Stuff Happens.

It’s been a while I know. Stuff happens. Some of the stuff may be Data Governance related. And that’s where I’m at. Life is good again. Yeehawww!

Getting Data Governance started, whatever that may look like is a pretty big deal. At least I think it’s big. Huge in fact. It’s like the earth shifted on its axis and all of a sudden things that I’ve been ranting about start to get a bit of attention. All I can say is I’m pretty happy to be part of it and can’t wait for whatever comes next.

What it’s starting to look like is still being shaped but it mostly comes down to organizational alignment, changing behaviors, communicating the value, making data a priority. What might be different is how you go about getting some of these things accomplished. It depends on the culture, the people, what kinds of roles you have in place and what is the business problem you’re trying to solve. If you can take all that into account you’re halfway there.

Getting the attention of the powers that be is also pretty important. I can’t tell you what worked for us as we’re still trying to figure it all out, but here are some of the things that have been key success factors:

  1. Cross functional or organizational Senior Management direction and support. When you only have some senior level support you’ll only get so far.
  2. A strong core (awesome super duper brilliant crazy fun smart) team who has credibility and influence. You need to get out there, get people engaged and constantly spread the word, communicate, get participation and get support and buy-in. You know, do the team Data Quality rant ;)
  3. A very very very very very clear and concise scope that everyone agrees to and is supported by Senior Management (see item #1). This can sometimes be your biggest challenge as everyone has a different perspective on what Data Governance can be and it can be pretty big (exhausting, draining, mind numbing, relationship busting, etc etc etc) if you let it. Was I too subtle there? Start with something do-able that can be achieved, get Senior support and show value.
  4. A business problem that needs to be solved. This could be the one thing that drives everything you do. If you need resources and budget you’ll be standing in line with all the other business priorities unless you are solving a problem. A big problem is even better. For some, even though we all know that good data enables business (not just the technology), it might be a really big project that needs some good data. That’s as good a place to start as any. After how many years…whatever works I say :D.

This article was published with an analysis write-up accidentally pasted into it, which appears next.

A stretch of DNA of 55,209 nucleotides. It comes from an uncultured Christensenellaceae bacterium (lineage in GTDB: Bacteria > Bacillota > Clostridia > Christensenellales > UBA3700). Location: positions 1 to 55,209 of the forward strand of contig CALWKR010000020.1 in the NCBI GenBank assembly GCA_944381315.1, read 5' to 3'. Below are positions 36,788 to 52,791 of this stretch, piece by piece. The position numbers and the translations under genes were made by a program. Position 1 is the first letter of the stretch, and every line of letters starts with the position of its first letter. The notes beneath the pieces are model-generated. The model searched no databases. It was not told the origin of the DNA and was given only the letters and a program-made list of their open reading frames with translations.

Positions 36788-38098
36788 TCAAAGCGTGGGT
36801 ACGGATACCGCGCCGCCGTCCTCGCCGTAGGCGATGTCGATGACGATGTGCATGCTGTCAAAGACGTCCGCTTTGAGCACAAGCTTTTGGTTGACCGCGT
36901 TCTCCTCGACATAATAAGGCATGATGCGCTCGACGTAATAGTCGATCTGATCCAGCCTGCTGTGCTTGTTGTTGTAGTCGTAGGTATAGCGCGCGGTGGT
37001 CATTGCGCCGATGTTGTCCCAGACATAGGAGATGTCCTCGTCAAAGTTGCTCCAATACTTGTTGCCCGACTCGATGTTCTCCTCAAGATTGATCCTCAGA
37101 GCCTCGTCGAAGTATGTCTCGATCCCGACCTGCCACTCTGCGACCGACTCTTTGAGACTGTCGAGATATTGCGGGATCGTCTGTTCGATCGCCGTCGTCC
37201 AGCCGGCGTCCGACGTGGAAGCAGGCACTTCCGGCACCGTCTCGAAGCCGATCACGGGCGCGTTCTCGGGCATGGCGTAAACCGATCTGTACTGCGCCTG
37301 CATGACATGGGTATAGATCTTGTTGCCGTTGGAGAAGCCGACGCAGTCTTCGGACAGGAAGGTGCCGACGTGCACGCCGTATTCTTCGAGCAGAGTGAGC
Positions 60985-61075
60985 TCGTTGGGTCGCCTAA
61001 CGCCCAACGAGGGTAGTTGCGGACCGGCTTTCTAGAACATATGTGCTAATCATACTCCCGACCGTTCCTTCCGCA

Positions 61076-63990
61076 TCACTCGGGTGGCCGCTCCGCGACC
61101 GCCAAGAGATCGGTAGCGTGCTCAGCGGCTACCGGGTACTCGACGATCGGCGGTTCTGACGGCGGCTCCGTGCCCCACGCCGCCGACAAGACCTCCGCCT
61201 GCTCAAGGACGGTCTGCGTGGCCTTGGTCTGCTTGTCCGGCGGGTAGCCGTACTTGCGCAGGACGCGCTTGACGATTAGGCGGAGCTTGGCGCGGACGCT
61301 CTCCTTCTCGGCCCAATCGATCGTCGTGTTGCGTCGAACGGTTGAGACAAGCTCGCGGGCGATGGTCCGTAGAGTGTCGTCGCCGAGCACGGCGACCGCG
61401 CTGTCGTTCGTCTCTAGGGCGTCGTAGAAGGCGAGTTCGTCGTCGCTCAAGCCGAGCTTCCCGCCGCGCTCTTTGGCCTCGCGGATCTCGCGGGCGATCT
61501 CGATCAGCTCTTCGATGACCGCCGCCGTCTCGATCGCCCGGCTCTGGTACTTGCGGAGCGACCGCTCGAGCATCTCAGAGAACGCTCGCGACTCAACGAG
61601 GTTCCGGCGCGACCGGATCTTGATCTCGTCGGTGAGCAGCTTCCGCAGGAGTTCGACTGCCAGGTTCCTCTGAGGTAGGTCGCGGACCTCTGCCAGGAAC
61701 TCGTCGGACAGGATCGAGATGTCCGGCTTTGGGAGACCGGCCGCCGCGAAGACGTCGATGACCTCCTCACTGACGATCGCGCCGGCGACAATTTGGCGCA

5. Communicate often. Whatever your communication vehicle is, unless it’s a loudspeaker pumped throughout the organization like they did in school many people are just too busy with their own priorities to take time to digest your message. So keep at it!
  6. Focus on where you want to be rather than how it currently works. If you keep going back to “yes but in this system the data works this way” you’ll end up in Alice’s rabbit hole and you won’t get out without bloodshed. Ok no, we didn’t have any bloodshed but the ‘current state’ vs ‘future state’ or ‘where we want to be’ discussions created some real challenges.

What we’ve accomplished is we’ve got agreement on some of our data that is important for the organization. Everyone participated in the development of the definitions, the business need and the leader accountable for the integrity, and we’re just settling into getting some structures in place for decisions and changes and figuring out how we’re going to sustain that.

OMG. That’s all I can say.

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6 thoughts on “Stuff Happens.

  1. Jim Harris

    We have all missed you around the data governance and data quality blogosphere, Jill. And this awesome super duper brilliant crazy fun smart blog post reminds us why :-)

    Reply
  2. Nicole Carriere

    This is an awesome post Jill. Just love it. I just want to add that the 80/20 rule saved us a few (ok, many) times. :)

    Reply
  3. Jill wanless

    Thank you for your awesome comment Jim. I missed sharing the story but hope to share and discover the many milestones and insights that 2012 should bring :).

    And thanks for the great feedback and reminder Nicole. The old 80/20 guiding principle helped us stay focused on the outcome, instead of wallowing in the weeds. It was very important that we not try to discover and solve every scenario, but to instead figure out what we need to resolve most ( or 80% ) of the scenarios, so that we can make some decisions and show measurable progress. What would we do without you? :)

    Reply
  4. Dylan Jones

    It’s been too long, you’re one of the hardcore guerilla pioneers so we NEED more posts like these but then I guess you do have a job to go to!

    Love the post, keep them coming, we’ve missed you!

    Reply
  5. Pingback: Getting Your Data Governance Stuff Together | The Data Roundtable

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